Action to discourage and show there are some measures in place.

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Re: Man Shot Dead Near Shangri-La Hotel Singapore

Postby Strong Eagle » Thu, 04 Jun 2015 9:49 am

x9200 wrote:
Strong Eagle wrote:
calugaruvaxile wrote:so they could have had a nuke in the trunk...


Reminds me that a friend and I used to regularly stop in at Penny Black for a wee pint or two. We'd drive his car, park in the UOB underground car park. Each time we pulled in, they would make us open the boot. Inside were our two identical, fairly large size, black leather, carry on briefcases. They'd look at them and close the trunk. When I'd ask, "Hey, how do you know there isn't 40 lbs of C4 in each one of those?" they'd laugh and wave us through.

Action to discourage and show there are some measures in place.


You're shitting me??? Yes??? If I wanted to blow up UOB, three trips with empty bags in the boot would tell me I could load them up the next time... and a bunch more.

This is nothing but eyewash... and even less effective than the TSA minions we have to put up with at airports. What's the point? There is no point.

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Re: RE: Re: Man Shot Dead Near Shangri-La Hotel Singapore

Postby ecureilx » Thu, 04 Jun 2015 10:20 am

Strong Eagle wrote:[l]

You're shitting me??? Yes??? If I wanted to blow up UOB, three trips with empty bags in the boot would tell me I could load them up the next time... and a bunch more.
.


UOB security is private security ...

Just saying...

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Re: RE: Re: Man Shot Dead Near Shangri-La Hotel Singapore

Postby Strong Eagle » Thu, 04 Jun 2015 11:24 am

ecureilx wrote:UOB security is private security ...

Just saying...


It's not "security". It's eyewash. It's pretend security. Anyone who wanted to do any real damage wouldn't be in the least bit thwarted by the stupidity of opening everyone's boot as they come into the car park. Therefore, it is pointless and lulls people into a false sense of security... just like these dumbass TSA screenings... their own tests missed 95 percent of the contraband.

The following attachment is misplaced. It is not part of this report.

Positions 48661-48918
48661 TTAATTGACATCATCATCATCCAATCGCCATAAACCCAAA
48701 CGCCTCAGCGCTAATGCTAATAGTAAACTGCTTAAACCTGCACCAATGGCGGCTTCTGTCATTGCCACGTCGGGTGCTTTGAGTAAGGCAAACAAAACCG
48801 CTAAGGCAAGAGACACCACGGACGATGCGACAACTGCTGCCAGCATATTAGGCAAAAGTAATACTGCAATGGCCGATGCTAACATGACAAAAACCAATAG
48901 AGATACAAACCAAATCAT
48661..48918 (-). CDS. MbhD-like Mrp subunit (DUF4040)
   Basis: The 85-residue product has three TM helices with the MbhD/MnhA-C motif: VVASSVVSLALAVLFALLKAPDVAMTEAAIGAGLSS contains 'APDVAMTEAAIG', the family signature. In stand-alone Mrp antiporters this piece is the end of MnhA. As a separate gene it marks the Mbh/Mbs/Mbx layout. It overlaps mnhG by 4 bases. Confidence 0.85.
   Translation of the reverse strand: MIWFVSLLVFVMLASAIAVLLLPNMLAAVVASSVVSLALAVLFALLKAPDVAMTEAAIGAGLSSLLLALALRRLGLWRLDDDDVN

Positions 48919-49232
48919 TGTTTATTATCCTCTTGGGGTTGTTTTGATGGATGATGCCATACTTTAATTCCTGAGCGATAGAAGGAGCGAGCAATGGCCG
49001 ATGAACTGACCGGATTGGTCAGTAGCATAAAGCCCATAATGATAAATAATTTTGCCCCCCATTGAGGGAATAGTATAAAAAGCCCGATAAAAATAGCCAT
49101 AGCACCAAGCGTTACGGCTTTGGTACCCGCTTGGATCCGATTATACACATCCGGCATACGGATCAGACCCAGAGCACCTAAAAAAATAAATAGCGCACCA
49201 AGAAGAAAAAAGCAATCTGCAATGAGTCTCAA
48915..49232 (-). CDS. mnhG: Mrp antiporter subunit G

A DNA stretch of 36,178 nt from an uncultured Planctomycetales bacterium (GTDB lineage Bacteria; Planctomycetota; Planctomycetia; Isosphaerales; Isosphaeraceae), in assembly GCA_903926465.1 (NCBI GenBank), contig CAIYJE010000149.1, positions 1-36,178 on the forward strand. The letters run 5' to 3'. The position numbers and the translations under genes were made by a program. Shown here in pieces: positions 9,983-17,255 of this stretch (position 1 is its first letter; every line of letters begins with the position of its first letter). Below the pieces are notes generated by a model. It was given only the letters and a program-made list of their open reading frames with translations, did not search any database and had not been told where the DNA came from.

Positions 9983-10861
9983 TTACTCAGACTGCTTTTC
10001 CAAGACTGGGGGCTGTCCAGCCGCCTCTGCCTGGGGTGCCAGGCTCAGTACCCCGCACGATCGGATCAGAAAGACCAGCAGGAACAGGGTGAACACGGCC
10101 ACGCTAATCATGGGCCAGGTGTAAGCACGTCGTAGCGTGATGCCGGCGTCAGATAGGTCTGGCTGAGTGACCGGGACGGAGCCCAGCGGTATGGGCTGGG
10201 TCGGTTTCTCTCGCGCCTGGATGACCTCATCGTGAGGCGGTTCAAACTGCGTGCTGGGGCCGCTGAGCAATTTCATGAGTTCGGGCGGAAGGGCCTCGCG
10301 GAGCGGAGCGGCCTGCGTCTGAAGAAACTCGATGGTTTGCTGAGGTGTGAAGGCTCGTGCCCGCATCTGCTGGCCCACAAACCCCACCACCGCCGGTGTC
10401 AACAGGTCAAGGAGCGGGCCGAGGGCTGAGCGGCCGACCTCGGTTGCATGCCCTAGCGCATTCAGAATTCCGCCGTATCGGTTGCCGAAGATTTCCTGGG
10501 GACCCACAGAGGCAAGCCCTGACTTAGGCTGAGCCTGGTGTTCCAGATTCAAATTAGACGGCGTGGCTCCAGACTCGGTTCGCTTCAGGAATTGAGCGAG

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Re: RE: Re: Man Shot Dead Near Shangri-La Hotel Singapore

Postby zzm9980 » Thu, 04 Jun 2015 11:39 am

Strong Eagle wrote:
ecureilx wrote:UOB security is private security ...

Just saying...


It's not "security". It's eyewash. It's pretend security.


'Security Theatre' is the term we use in the industry. :D

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Re: Man Shot Dead Near Shangri-La Hotel Singapore

Postby bgd » Thu, 04 Jun 2015 1:15 pm

I noticed some new barriers coming back via Tuas on the weekend. They don't look to be fully operational yet but are the pop up type right by the last security post. I guess the last line of defence if the other measures have been breached and the 'perp' hasn't been shot. :wink:

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Re: Man Shot Dead Near Shangri-La Hotel Singapore

Postby Addadude » Thu, 04 Jun 2015 4:16 pm

sundaymorningstaple wrote:
calugaruvaxile wrote:[ and if the target is two carlengths away, you can hit the driver 5/5 with pretty much anything


Have you ever tried it in real life? I have and at a lot closer than two car lengths away and I "almost" missed the intended target and the target was only 4 feet in front of me.


To SMS' point, here's what thriller writer David Morrell (the creator of Rambo) had to say about the subject. It's lengthy - he is a writer after all - but considering the man does a lot of research and takes specific military training courses for his novels and that he is pretty highly respected by active military personnel for his accuracy, it's well worth a read:

From: http://davidmorrell.net/2012/07/a-lot-o ... -training/

"There are good reasons and bad reasons to carry a weapon in the United States. The pros and cons aren’t the subject of these remarks. What I want to talk about is training. When people tell me that they received a concealed-carry license after a day or two of instruction, I’m appalled. Anybody can easily learn how to fire a weapon. It’s not difficult. But there are so many other factors.

A proper concealed-carry course should spend at least a day on the legal use of deadly force. Did the opponent have the means, motive, and opportunity to threaten your life? Did you have absolutely no other option except to shoot? Do you know about grand juries and the sorts of serious questions they ask when someone shoots someone else? Ideally, a proper course would even put you in a grand-jury scenario, requiring you to get an idea of what it’s like to justify your serious actions in a way that convinces people who don’t have experience with guns.